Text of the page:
Islamic finance and global security
When Malaysian Prime Minister Abdullah Ahmad Badawi opened the Fifth World Islamic Economic Forum (WIEF) in Jakarta, Indonesia in the first week of March he said that the Western financial system had collapsed because of “unbridled greed” and that Islamic finance was an alternative to a failed Wall Street model.
Indonesian President Susilo Bambang Yudhoyono also called for continuing support for free trade as a response to the crisis but that nations should work “toward a development oriented trade regime” via the World Trade Organization.
The Forum focused on three big issues , first how would the Muslim world and countries of the South be hit by the global economic crisis, second how to deal with this, and third what role could Islamic banking and finance play ?
The Forum discussed the impact of the global economic crisis and associated instability, including concerns over falling trade and revenues, negative impacts on global growth, food prices, and environmental and energy issues.
The Organization of Islamic Conference (OIC) played a key role in the formation of the World Islamic Economic Forum. Its influence on the agenda was clear, with underlying recognition that South-South co-operation, particularly between Arab and Muslim states, still fell far short of being able to absorb available liquidity in the Gulf States and Saudi Arabia, or to increase intra-trade between OIC members.
In practice Muslim countries still do little trade with each other. When the World Islamic Economic Forum started in 2004 trade between its member was only 4 percent. It has now doubled in five years to 8 percent, but the OIC target is 25 percent.
The Forum discussed whether Islamic banking and finance had enough track record and substance to really compete with the Western financial system, or whether Islamic banking and finance, as it expanded, would slither down the same slippery slide as its Western counterpart, into derivatives and dodgy deals.
The debate on Islamic finance and global security was animated by Baroness Pauline Neville Jones, United Kingdom Shadow Security Minister and National Security Adviser (on the Conservative front bench) who made a keynote speech looking at the impact of the global crisis on Southern countries and relationships with the West.
Baroness Neville Jones said the United States Central Intelligence Agency estimated that one quarter of the countries in the world were already partly destabilized by the Western recession and global crisis.
She acknowledged that the biggest protests and direct political fall-out were hitting Europe and the United States.
But the biggest security problems arising are expected in Southern countries with low financial reserves, and less underlying economic strength than the Middle East or Asia.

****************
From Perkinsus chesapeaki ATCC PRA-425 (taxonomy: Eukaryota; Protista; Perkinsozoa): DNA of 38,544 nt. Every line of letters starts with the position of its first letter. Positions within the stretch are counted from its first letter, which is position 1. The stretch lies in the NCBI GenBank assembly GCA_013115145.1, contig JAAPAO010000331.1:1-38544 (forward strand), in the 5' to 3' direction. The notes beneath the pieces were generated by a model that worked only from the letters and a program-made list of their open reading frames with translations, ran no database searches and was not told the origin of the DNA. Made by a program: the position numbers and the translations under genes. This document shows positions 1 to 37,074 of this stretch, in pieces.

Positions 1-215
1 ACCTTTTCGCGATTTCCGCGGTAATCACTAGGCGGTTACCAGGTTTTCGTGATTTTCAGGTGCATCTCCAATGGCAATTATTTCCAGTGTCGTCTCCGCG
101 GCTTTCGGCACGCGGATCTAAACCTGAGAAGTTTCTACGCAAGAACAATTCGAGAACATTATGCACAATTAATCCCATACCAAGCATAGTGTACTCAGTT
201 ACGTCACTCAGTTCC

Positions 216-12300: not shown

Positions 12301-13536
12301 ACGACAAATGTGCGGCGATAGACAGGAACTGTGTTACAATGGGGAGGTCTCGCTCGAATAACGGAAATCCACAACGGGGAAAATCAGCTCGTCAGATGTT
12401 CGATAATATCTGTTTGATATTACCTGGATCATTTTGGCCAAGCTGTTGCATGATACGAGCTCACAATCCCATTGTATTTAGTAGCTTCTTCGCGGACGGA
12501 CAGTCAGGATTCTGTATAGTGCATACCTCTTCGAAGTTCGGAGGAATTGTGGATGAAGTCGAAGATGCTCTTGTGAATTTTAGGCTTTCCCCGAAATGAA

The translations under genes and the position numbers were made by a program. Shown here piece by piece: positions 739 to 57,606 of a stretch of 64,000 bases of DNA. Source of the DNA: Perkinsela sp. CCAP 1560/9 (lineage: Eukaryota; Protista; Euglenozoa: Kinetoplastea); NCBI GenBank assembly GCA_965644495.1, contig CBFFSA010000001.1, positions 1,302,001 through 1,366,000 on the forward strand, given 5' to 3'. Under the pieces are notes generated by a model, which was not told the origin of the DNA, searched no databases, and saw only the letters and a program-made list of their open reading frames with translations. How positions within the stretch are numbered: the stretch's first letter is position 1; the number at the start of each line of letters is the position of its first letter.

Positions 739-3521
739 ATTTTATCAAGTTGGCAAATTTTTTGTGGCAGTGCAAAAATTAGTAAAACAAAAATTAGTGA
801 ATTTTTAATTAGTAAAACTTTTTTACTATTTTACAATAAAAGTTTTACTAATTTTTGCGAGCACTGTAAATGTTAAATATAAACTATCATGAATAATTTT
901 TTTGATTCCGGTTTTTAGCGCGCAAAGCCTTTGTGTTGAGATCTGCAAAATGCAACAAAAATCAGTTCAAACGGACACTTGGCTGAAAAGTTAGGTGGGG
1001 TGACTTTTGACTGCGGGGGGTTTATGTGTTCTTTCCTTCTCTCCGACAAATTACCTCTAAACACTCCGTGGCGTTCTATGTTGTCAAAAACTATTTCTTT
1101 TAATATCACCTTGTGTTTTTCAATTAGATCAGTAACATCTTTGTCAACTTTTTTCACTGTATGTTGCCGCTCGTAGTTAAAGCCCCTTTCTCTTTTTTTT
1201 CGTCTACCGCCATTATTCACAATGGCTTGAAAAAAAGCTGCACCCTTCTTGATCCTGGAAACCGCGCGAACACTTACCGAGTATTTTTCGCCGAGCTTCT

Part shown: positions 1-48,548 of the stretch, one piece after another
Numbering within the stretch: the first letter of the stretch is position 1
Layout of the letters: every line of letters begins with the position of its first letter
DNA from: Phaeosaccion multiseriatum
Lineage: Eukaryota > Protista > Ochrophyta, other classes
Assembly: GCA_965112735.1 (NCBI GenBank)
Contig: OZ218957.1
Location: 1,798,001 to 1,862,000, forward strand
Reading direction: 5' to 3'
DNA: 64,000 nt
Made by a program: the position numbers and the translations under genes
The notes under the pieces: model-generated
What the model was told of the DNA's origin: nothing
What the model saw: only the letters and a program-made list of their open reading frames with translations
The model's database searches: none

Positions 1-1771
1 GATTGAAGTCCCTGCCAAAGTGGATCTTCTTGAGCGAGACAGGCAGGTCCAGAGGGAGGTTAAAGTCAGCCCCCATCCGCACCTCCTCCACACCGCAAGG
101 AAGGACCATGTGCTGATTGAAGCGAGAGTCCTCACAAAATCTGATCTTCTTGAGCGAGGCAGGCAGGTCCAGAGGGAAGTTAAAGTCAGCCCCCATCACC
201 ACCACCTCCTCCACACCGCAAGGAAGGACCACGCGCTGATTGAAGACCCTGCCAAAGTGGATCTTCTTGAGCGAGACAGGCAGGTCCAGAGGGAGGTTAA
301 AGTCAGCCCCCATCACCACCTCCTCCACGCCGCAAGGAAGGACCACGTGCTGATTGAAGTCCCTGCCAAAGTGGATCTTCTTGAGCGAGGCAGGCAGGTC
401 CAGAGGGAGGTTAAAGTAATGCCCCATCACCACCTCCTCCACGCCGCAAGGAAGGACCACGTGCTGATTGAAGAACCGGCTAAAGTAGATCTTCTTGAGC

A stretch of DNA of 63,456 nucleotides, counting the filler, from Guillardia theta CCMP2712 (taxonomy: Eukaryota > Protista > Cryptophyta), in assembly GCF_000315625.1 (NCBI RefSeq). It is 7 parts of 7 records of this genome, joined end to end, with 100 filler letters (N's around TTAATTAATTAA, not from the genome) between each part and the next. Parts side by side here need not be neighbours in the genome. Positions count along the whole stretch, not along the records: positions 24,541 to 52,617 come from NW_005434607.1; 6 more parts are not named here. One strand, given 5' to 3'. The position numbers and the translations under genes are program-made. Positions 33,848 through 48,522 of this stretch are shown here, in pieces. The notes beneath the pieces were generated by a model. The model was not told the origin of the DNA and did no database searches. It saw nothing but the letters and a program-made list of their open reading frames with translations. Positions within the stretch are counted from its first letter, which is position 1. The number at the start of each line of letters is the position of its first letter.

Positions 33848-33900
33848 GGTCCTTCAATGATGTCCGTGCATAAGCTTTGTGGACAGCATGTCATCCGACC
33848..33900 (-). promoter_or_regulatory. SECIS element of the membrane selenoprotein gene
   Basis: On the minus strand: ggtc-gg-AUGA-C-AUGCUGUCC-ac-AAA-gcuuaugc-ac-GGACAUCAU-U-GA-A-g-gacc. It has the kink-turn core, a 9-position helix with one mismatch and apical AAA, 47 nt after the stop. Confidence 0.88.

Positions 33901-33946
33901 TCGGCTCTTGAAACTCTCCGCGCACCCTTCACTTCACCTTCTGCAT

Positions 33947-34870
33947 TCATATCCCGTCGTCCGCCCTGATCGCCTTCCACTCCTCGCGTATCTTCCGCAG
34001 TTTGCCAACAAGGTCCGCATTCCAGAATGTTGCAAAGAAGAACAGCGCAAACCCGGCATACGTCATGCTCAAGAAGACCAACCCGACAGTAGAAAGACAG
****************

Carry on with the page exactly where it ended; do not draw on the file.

So the hardest hit Southern countries will be in Africa, Latin America and parts of the ex-Soviet Union in Central Asia.
She also acknowledged that “We needed sounder banking practice and improved ethical codes and that Islamic banking might have something really important to teach other forms of banking”.
Baroness Neville Jones forsaw a social as well as an economic function for Islamic banking and finance and that there was a need “to make banking and finance more socially aware”.
Asked about the negative impact of the unresolved Israel-Palestine dispute on relations with the West, she said she was pleased that Palestine and Afghanistan would now be put at the top of the agenda by the new US administration.
After a decade of listening to Westerners on the Muslim threat, terrorism and the global war to end it, it made a welcome change to hear her say that the invasion of Iraq had been wrong, “I and my party supported invading Iraq and it was a mistake”.
We learned a big lesson, she went on, observing that partnership for open societies and participation in economic prosperity was a better basis for Western policy towards Southern countries and that the West “should move away from a colonial style”.
The Western world is now relying on countries in the Middle East and Asia, many of them Muslim-led, to help refinance the world economy and to supply economic demand to help get world trade and economic activity going again.
This is a good time to strengthen capacity and pursue the expansion of Islamic banking and finance as part of an emerging new international economic order, promoting Muslim modernization and global security through economic and social development.
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